Energy Efficient Lighting
Jul/17

13

Wimbledon goes LED – just in time for finals

THE All England Lawn Tennis Club has ditched the metal halide lighting in Centre Court for LED in time for the 2017 championships.

An American sports lighting specialist has installed LED lighting in the retractable roof that covers Wimbledon Centre Court. The move improves the quality of TV broadcasts and, unlike the metal halides, allows instant striking.

Top: Danish tennis star Caroline Wozniaki was one of the first to play under the LED lights. Pic: Gregg Gorman 2017 Above: The arrangement of the original metal halide luminaires.

‘The purpose of the project was to improve the quality of lighting for broadcasters, whilst simultaneously improving the functionality of the lighting as part of the roof operation,’ AELTC estate director Robert Deatker told Lux.

‘Specifically, this involves reducing the amount of time required by the lights to warm up or cool down, thus making it quicker to resume play,’

The LEDs are a cool 5700K with a CRI of 90. Depending on camera position, the vertical illuminance is 1300–1700 lx and horizontal illuminance is 3000 lx.

The installation is part of growing switch to LED in top-level sports. Many Premier League teams – including Chelsea, Arsenal, Southampton, Bournemouth and Hull City – have already made the switch as have Juventus in Italy and Seville in Spain.

In the US major league baseball teams using solid state lighting including the New York Yankees, the San Diego Padres, Texas Rangers, and Houston Astros.

The lighting firm, working with consultants ME Engineers, created a mockup of the Wimbledon visual setting at its US manufacturing facility to test different CCT and CRI combinations to achieve the optimal combination of direct and indirect light. It also consulted with a UK-based TV crew and professional tennis players to fine-tune the specifications.

The metal halide lighting was installed with the retractable roof in 2009.

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Jul/17

11

Sainsbury’s adds IoT capability in plan to go all-LED

The plan will make the company the first grocery retailer in the UK to power all its supermarkets entirely by LED lighting.

Some 250,000 luminaires will be retrofitted in 250 superstores in the next three years in addition to those already installed during the company’s ongoing roll-out.

The new fixtures are part of a deal with Current, GE’s low-energy technology supplier, which will see energy used by the lighting reduced by 58 per cent.

Sainsbury’s sustainability chief Paul Crewe says  customers expect the retailer to do the right thing on their behalf. ‘They can be reassured that, day or night, when they visit a Sainsbury’s supermarket, we’ve made a significant in-road into creating a greener supermarket for them.’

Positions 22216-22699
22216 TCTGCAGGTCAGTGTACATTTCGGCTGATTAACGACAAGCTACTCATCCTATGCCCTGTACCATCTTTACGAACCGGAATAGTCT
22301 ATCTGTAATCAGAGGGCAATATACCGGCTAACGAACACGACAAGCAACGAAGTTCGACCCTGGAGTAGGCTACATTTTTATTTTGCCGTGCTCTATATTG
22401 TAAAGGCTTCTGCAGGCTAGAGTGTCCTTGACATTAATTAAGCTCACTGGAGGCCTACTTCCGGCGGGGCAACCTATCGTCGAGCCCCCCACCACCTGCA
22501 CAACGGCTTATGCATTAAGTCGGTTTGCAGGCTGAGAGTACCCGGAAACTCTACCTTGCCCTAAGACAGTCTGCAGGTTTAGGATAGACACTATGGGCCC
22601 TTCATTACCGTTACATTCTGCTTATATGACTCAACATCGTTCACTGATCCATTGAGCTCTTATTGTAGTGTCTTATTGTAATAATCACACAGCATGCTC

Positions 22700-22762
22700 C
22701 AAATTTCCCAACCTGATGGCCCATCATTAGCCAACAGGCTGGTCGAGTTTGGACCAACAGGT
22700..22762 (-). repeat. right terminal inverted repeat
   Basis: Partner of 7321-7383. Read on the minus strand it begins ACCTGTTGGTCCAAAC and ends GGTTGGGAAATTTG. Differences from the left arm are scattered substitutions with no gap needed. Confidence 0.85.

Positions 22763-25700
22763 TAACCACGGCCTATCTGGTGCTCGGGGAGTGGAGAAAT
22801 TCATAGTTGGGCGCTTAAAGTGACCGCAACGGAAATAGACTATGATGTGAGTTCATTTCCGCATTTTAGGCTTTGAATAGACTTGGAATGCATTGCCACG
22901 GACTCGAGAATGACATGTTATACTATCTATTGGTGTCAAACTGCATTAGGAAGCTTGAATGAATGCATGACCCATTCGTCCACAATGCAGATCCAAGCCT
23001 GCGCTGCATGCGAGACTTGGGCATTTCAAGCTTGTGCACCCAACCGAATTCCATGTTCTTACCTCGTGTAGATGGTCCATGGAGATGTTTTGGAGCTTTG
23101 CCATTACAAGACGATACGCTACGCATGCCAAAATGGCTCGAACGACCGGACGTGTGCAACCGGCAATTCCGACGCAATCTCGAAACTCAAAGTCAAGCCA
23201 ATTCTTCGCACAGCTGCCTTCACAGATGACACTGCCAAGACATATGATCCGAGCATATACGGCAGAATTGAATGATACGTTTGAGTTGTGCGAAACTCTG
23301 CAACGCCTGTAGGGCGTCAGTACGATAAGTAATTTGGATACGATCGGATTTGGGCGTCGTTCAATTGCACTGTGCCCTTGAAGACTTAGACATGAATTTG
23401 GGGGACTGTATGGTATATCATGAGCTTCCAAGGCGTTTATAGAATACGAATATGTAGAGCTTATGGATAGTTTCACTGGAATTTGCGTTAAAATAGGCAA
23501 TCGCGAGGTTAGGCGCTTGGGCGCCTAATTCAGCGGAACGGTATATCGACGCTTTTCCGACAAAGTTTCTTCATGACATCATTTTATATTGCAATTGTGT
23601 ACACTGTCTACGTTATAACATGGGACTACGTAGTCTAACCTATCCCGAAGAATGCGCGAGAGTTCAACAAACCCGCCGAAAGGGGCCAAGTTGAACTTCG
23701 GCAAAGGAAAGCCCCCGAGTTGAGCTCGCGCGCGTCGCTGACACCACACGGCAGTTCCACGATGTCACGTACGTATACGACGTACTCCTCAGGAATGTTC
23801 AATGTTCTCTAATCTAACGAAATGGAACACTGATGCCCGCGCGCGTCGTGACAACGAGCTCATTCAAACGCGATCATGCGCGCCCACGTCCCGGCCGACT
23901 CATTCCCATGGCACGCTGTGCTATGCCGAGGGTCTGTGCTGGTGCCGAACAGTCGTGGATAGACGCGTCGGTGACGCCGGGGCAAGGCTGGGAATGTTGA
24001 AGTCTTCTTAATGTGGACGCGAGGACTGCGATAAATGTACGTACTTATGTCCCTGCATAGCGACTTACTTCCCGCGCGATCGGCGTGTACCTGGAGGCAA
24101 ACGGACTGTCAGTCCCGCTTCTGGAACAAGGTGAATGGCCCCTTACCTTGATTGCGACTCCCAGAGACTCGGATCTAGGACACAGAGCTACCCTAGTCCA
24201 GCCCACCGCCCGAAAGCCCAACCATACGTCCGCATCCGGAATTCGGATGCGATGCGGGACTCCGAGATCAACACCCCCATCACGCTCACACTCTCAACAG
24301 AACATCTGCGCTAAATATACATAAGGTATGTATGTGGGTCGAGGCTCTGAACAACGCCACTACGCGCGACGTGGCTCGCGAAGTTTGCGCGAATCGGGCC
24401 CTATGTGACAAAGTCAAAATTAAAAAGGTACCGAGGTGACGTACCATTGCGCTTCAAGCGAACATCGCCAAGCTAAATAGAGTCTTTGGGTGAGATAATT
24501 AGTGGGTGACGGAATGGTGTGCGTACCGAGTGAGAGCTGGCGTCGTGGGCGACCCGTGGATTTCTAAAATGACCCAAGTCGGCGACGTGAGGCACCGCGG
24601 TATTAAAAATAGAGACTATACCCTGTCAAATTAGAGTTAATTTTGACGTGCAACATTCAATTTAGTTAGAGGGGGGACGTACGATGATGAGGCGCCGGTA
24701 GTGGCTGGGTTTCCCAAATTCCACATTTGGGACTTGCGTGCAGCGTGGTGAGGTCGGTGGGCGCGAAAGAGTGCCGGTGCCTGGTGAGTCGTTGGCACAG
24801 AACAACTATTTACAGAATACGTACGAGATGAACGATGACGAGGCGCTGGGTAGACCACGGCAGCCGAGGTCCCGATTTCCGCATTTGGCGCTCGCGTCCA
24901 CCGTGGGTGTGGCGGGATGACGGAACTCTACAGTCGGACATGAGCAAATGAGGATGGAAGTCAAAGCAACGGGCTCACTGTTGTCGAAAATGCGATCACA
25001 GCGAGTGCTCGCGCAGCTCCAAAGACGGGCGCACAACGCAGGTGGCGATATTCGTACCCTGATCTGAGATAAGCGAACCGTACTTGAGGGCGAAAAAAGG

The lighting retrofit also opens the door to future digital collaboration between the two companies.

The lighting could also be used as a platform for sensors and beacons, allowing interaction with customers. GE’s Predix Internet-of-Things network can transform the lighting into a smart digital infrastructure that uses data and analytics to optimise energy usage, employee productivity and customer interaction.

Sainsbury’s sustainability chief Paul Crewe told Lux: ‘We’ve almost halved the carbon emissions of our stores since 2005, and in the last 12 months we’ve reduced our electricity use by 11.6 per cent despite growing our operation by 54 per cent’.

‘Our customers expect us to do the right thing on their behalf, and they can be reassured that, day or night, when they visit a Sainsbury’s supermarket, we’ve made a significant in-road into creating a greener supermarket for them.’

The project will support Sainsbury’s Sustainability Plan, which calls for carbon emissions by be cut by 30 per cent from 2005 levels. The target has spurred numerous energy efficiency and renewable energy initiatives across its many UK stores, from LED retrofits to solar panels, biomass boilers and ground source heat pumps.  To date, Sainsbury’s has already cut absolute carbon emissions by more than 20 percent and is on track to achieve its 2020 target.

Current is delivering the massive lighting retrofit as a turnkey service, embedding financing with lighting design, product supply, installation and project management services.

LUX VIDEO REPORT: THE BIG SAINSBURY’S LED ROLL-OUT

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Jun/17

12

LEDs to the Rescue – the Grass IS Greener!

LED makes grass on Bundesliga football pitches ‘healthier’

The Greenkeeper LED system in action at the FC Köln ground. Coloured LEDs are used to help spur grass growth.

A wheeled lighting frame stacked with LEDs is being used to improve grass conditions at leading German football club FC Köln (FC Cologne).